Monday, December 21, 2009

Giving is social 

A friend of mine works in a church and told me this story this weekend. His church is having an Advent fundraising effort to help provide potable water to African villages. (I think it's this group. I've supported them and think they are a good group.) They set a target for the effort which my friend thinks is a modest goal -- each member-family provides enough money to bring water to one family (which requires about $4 per family.) In the first three weeks they raise almost double that number. The church leadership now has a decision to make -- do we announce how well we're doing before the last collection for the project? Their fear is that it encourages free-riding and reduces collections on the last week. In fact, my friend finds, it went up. He asks me, is this economically rational?

My hypothesis is that everyone wants to be part of a success. Announcing that it already is and then completing the project allows others to purchase (via donation) the good feeling of being part of it. "Yes, wasn't that project great? I'm glad I gave to it." You can imagine the conversations over coffee in the church narthex. My friend wondered why the leadership didn't set a higher target, and if they should. I responded no, you should underpromise and overdeliver. I think you can overdo that, as biasing one's expectations downwards leads over time to people expecting overdelivery.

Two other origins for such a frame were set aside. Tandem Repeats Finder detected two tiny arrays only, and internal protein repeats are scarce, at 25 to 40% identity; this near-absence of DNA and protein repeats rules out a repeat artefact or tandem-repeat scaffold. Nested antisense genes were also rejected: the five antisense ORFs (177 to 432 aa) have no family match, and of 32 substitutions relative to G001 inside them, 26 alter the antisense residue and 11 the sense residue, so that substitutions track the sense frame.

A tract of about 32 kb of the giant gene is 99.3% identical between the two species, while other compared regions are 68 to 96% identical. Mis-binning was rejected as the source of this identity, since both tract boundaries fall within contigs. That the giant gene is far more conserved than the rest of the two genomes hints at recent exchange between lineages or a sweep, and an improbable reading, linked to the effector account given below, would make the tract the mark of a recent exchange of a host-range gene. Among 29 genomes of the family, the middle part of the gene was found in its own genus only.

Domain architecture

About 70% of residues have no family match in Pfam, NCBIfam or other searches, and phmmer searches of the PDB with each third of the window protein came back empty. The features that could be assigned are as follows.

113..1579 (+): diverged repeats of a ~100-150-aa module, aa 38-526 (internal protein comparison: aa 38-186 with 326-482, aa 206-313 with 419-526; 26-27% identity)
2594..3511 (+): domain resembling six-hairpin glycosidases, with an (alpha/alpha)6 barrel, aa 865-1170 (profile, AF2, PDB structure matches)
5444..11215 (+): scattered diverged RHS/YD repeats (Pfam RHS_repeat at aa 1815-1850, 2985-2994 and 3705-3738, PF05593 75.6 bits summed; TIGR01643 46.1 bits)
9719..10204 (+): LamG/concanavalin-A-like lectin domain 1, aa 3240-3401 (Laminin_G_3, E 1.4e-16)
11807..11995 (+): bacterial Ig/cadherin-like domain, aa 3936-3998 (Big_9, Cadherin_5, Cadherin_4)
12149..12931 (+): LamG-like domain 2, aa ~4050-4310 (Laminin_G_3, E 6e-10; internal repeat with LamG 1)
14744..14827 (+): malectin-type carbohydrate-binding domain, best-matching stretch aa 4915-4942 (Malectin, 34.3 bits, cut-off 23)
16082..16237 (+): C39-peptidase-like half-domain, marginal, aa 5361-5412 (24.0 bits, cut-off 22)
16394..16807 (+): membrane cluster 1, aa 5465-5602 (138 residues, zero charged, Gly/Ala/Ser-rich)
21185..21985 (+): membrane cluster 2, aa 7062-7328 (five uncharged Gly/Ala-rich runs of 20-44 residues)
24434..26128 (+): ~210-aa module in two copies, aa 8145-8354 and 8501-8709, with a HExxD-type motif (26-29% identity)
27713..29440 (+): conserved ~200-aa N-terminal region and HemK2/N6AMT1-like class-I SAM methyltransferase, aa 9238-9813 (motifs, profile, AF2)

We know from economic experiments that social influence on charitable giving is an important factor. I also noted that his church collected donations by placing jars in front of the sanctuary and having people bring the money forward. Nobody wants to be seen not standing up, particularly when the pastor has just told you everyone else gave more than expected. The combination of the method of collection and signaling others' donations were good incentives to get others to also give.

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